While the retail video game industry does some serious navel-gazing over the FTC's recent ruling on Hot Coffee, another group is planning on stuffing as much adult content as possible into their video game products. And they don't plan to disclose any of it to the Entertainment Software Ratings Board (ESRB).
No, it's not Rockstar's secret scheme for Grand Theft Auto 4. It's the adult entertainment industry (you may know them as "the dirty movie people"), some of which was represented at this week's quite respectable Sex in Video Games Conference in San Francisco.
Mainstream speakers at the conference included game development pros like Sheri Graner Ray and Savannah College professor Brenda Brathwaite as well as media types such as Wired News "Sex Drive" columnist Regina Lynn.
In examining the adult entertainment industry's interest in the video game space, Reuters reports would-be erotic game makers are taking lessons from the recent political and cultural war between game producers, ratings groups, and governments. Hence, they're likely to avoid retail channels - and ESRB ratings - altogether.
"I'm not interested in playing the political game of getting a game out in a box and getting it rated. Games have been sickeningly violent over the last decade. Now that they start to show breasts, the government is up in arms," said Utherverse CEO Brian Shuster. "[Online distribution] is a more practical way, ultimately, to deliver adult content."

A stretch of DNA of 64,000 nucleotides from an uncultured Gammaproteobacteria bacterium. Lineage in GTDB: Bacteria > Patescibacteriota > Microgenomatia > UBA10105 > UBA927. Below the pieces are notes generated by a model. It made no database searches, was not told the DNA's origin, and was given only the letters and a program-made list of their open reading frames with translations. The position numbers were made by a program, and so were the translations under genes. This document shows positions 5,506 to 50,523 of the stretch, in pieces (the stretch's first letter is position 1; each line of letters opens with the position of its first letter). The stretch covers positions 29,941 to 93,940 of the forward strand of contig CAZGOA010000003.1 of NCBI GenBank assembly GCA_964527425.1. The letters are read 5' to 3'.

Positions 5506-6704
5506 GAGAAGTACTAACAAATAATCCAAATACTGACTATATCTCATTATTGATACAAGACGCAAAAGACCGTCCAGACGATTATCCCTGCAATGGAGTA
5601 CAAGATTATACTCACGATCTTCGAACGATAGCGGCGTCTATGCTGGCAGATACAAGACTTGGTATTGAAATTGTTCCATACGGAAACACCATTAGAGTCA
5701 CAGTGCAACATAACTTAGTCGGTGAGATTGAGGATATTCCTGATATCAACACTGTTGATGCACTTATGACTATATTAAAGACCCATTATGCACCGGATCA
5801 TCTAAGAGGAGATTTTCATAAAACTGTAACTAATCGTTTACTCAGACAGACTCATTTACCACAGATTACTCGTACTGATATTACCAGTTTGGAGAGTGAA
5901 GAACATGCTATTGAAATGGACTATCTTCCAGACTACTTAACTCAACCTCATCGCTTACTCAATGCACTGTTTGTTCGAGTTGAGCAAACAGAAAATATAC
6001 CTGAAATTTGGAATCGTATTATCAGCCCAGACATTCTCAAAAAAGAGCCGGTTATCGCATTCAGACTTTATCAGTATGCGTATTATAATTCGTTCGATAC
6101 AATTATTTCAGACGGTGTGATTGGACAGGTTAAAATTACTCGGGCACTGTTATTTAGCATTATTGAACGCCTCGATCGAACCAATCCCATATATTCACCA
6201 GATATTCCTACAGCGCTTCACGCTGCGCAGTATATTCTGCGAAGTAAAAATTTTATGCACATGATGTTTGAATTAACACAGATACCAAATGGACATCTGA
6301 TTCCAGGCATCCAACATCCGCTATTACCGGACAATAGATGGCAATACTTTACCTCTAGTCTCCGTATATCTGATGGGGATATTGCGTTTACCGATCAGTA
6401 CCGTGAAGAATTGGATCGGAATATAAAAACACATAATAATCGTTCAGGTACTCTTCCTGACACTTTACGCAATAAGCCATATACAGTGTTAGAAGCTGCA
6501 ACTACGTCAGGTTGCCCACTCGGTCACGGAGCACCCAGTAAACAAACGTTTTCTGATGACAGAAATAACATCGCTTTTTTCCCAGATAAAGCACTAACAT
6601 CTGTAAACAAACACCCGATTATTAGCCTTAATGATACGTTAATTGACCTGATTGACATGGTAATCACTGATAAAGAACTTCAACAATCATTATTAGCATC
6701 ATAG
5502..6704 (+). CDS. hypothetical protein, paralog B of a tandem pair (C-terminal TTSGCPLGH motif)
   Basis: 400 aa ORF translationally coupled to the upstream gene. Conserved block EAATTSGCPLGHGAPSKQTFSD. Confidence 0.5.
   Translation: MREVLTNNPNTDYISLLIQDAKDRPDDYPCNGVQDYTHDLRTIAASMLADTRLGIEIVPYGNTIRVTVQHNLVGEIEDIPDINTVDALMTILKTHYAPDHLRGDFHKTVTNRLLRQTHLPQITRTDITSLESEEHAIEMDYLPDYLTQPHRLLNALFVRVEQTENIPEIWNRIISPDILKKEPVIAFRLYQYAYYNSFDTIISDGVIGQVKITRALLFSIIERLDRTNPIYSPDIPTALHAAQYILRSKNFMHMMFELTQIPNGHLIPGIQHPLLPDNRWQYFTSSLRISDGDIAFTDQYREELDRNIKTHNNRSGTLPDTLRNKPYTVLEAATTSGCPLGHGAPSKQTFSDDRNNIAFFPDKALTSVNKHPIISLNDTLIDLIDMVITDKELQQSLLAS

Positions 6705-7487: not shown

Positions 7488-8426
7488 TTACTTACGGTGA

Retail marketing of adult-oriented games is also problematic because the big three console developers (Sony, Microsoft, and Nintendo) have historically declined to license development software to companies for sex games.
Nor has the success of massively multiplayer online role-playing Games (MMORPGs) such as Blizzard's World of Warcraft (WoW) and Linden Labs' Second Life been lost on would-be X-rated game makers. Several adult titles are currently in development, including Utherverse's RedLightCenter (screen shot at left) and an MMORPG from NaughtyAmerica.com. RedLightCenter allows player avatars to engage in animated sex with other characters. In reality, however, the game is really more like a naughty version of Second Life, with players also able to run virtual businesses, listen to music, chat, and go shopping (including for erotic, uh, enhancements).
"Sex isn't as much of a game as it is a way to connect,"said Utherverse boss Shuster. "We're coming in as a way to fill that gap."
CM:Online pay-for-play games may be the best way to control access. They can require credit cards, which by most state laws can't be issued to minors without adult permission. In addition, filtering software can block naughty websites, so parents should have full control over whether their kids are able to sign up for such a game. And, without console support, kids won't be passing around game cartridges at school and snickering in the locker room...
Currently hiding his complete collection of Leisure Suit Larry games in the attic, GP Correspondent Colin "Jabrwock" McInnes
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